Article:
It was a scene as outrageous and macabre as the films that made her famous.
Over the course of nearly a year, letters began piling up outside the sun-and-ivy-drenched Beverly Hills home of Yvette Vickers— the 1950s pin-up and star of such films as Attack Of The 50 Foot Woman and Attack of the Giant Leeches. When a neighbor finally broke into the house to check on Vickers, 82, she found a badly decomposed body (The Hollywood Reporter describes it as “mummified”) and a space heater nearby set to “on.”
“I just screamed,” Susan Savage told the Associated Press. “I got out of there right away.”
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Authorities do not suspect foul play, but say it could take a week to determine definitively that it was Vickers’ body. The remains could have been there from a few months to a year, Los Angeles County Assistant Chief Coroner Ed Winter told AP.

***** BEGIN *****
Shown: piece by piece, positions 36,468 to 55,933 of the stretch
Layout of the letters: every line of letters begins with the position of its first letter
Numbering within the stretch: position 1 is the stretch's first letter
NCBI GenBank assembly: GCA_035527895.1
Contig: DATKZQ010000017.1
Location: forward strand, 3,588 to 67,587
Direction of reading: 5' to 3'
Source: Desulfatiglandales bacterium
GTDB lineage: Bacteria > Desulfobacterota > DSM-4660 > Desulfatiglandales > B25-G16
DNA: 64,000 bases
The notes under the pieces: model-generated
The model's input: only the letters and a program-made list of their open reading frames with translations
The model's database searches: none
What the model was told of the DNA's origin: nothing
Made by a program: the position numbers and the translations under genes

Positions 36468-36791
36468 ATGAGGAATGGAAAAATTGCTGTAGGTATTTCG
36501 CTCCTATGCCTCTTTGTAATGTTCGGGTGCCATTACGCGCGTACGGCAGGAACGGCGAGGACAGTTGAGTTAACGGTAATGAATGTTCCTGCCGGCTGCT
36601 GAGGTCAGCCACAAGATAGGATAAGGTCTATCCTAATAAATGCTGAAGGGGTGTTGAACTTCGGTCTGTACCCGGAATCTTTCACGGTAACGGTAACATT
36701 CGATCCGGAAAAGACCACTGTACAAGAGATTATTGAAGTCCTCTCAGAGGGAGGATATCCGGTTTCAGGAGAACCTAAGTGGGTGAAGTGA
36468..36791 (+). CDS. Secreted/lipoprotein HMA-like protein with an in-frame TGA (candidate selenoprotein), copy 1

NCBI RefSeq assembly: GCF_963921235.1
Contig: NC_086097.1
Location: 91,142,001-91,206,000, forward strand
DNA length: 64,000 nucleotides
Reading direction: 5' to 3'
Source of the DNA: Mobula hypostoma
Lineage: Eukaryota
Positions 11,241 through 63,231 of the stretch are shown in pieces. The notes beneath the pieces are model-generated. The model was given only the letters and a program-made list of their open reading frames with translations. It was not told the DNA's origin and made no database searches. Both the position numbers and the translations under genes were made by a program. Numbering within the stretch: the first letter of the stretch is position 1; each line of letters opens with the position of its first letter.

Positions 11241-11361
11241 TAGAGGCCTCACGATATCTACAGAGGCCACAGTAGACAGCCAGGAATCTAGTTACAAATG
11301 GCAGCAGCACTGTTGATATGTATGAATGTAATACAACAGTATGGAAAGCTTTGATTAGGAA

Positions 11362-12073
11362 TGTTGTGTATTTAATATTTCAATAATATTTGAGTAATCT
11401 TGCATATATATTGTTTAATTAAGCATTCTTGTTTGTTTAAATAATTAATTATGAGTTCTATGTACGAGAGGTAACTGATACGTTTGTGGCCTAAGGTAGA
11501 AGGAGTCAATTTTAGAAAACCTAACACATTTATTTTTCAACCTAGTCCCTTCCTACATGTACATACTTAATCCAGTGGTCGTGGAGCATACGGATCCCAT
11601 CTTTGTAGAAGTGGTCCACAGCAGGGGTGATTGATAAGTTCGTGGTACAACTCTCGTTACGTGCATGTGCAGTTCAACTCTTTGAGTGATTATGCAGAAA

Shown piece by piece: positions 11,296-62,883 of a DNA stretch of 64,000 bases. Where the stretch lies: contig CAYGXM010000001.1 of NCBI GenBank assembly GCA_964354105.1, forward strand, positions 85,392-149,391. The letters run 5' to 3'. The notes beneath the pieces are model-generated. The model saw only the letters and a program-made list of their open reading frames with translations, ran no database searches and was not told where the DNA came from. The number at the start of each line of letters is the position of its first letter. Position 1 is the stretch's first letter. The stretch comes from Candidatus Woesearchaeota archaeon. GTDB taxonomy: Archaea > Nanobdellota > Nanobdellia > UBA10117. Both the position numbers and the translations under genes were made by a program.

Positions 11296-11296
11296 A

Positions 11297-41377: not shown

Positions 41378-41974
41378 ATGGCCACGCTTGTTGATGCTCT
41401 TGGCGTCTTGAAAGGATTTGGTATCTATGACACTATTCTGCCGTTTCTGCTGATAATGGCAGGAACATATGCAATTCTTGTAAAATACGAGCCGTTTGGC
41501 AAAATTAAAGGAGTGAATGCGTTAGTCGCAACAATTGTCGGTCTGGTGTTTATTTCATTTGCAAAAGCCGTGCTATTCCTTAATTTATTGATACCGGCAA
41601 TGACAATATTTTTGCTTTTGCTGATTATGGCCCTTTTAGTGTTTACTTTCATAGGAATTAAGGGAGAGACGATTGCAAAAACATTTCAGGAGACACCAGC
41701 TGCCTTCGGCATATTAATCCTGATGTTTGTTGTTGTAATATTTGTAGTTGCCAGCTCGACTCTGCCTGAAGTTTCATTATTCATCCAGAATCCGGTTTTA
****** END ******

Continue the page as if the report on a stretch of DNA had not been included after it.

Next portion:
If the body turns out to be Vickers’, it will be a cruel end to an actress who made her name indulging in some of Hollywood’s more extreme and dark nightmares. Her first film role was as a giggling girl in the film noir classic Sunset Boulevard in 1950.
By the late 1950s, she had turned to B-movies. In Attack of the 50 Foot Woman (1958) she played the town flirt who has an affair with a married man, whose scorned wife becomes a giant after an encounter with an alien and kills the lovers. The Los Angeles Times called the film “one of the best bad movies ever made,” and a “Grade-A turkey.” In Attack of the Giant Leeches (1959), Vickers played promiscuous wife who is done in by the creatures of the film’s title, according to the LA Times.
Vickers was also known for posing in Playboy in 1959 and for her 15-year relationship with actor Jim Hutton and her affair with Cary Grant, the LA Times reported.
Savage, her neighbor, told the LA Times, “She kept to herself, had friends and seemed like a very independent spirit,” Savage said. “To the end, she still got cards and letters from all over the world requesting photos.”
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